Many freelancers are being asked to lower their rates because of coronavirus, but should you ever agree? Sian Meades-Williams explains how freelancers can use this in their favour.
Q: One of my regular copywriting clients has asked me to reduce my rates during the lockdown. I’m understanding of their difficult position and really enjoy working with them and I want that to continue, but I’m wary about lowering my rates for the same amount of work. It just doesn’t seem fair. What should I do?
Sian Meades-Williams says: A couple of years ago I was doing some copywriting for a well-known travel company. The projects were meaty, regular and well-paid and I was really enjoying it. After a few months they dangled the opportunity of a permanent role, something I really wanted at the time, but with a catch: they wanted me to lower my day rate for the next project. I did. As soon as the project ended, they ghosted me. I suspect there was no job, but they’d got the work they needed at a lower rate. I felt really let down, and if I’m honest, more than a bit stupid.
Despite this cautionary tale, we’re in different times now: we know the pressures our clients are under, because we’re all watching the news and looking at the closed shops and restaurants along our high streets. And for the most part, I really believe that a client asking you to lower your rates isn’t trying to pull a fast one, they’re just trying to survive. We all are.
But it doesn’t make it any better for freelancers, who have definitely got the raw deal here. I’ve spoken to dozens of people this week who have been asked to lower their rates because of the pandemic. One was asked what was the “absolute bare minimum” hourly rate they would work for. More than one has been asked to slash 20% off their day rate as the rest of the full-time staff have. A couple of people have been asked to work for free with the hope of payment in the future. What’s clear is that everyone is approaching their budgeting problems differently: there’s no one-size-fits-all scenario. Which means there’s no one-size-fits-all solution for freelancers.
In a perfect world the answer is to never lower your rates. But in a perfect world you wouldn’t have lost half of your clients and commissioning budgets wouldn’t have been slashed. And we’d all be allowed to go to the pub. Only you can decide what you should do with your money. Your bills still need to be paid and you are in the best position to judge the state of your bank balance. Sometimes you will decide that lowering your rate is the right thing. Other times it just won’t be possible, or your relationship with the client just isn’t strong enough. Your decision will probably vary between clients. That being said, I think any company offering lower than 50% of your usual rate is absolutely just taking the piss.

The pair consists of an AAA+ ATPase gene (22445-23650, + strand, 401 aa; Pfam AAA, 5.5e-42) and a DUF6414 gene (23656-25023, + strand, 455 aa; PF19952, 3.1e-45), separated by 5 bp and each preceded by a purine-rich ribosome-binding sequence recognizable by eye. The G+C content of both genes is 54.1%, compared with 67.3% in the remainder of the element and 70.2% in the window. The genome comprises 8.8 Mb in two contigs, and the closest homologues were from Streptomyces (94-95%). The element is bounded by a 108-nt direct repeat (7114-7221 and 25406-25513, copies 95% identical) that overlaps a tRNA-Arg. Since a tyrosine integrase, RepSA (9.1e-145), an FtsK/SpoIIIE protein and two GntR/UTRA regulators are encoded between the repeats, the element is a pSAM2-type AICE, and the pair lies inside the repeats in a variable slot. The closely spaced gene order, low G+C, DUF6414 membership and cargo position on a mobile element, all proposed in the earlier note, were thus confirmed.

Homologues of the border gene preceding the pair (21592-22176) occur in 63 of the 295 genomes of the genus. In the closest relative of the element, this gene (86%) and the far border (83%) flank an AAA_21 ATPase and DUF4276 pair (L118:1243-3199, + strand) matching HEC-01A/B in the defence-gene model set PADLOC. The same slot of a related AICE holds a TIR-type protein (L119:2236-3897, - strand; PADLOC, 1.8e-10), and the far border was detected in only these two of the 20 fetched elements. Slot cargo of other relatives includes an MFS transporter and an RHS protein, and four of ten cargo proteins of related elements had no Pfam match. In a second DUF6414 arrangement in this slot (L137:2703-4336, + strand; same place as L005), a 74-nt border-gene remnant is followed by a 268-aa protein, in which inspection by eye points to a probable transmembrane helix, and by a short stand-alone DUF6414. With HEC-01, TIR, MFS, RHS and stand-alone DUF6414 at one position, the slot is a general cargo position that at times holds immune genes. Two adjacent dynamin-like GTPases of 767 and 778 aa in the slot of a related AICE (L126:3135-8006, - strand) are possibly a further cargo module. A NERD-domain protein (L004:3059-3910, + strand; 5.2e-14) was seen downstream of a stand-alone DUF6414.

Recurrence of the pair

So let’s approach this situation differently. Where possible, be understanding. Don’t jump to the offence if you’re asked – questions like this are often coming from much higher up the ladder, but you can make things work in your favour. If you’re asked to write for less money, offer a lower word count. Agree to 800, not 1,000. If you usually do graphic design four days a month, offer three instead. This isn’t unreasonable, although it might not be the answer your client is hoping for – it’s the same as negotiating at the start of any agreement. It means that you’re bargaining with your time rather than your output. It’s your client’s budget that has changed, not the value of the work you do for them.
It’s also useful to think about what value the company can offer you. Perhaps it’s a guest slot on their podcast, or a bio with a headshot on the website if you don’t already have that. Maybe you can file Word documents instead of having a weekly battle with the outdated CMS. Or you can ask that you don’t undertake as much image research as you usually would. Our work doesn’t end with the file we submit on deadline day and a good client should be aware of that.
If you do decide to lower your rates, make sure you agree to a time limit on your new contract. In my experience, when a payment rate has decreased it’s never gone back up again. This is the risk you take. Don’t agree to anything so vague as “when this has all blown over”. Make it clear that it’s a temporary change and be willing to walk away if you need to. Continue to pitch pieces elsewhere, have meetings with potential new clients when the opportunity arises (and seek out those opportunities!). Editors are still commissioning; companies are still hiring freelancers. Moving on from a client might seem scary now but it could lead to greater things. Client loyalty is a real asset, but don’t feel guilty about doing what’s right for you and your career. All of us need to do what we can to make ends meet, but we also need to make sure we don’t sell ourselves short.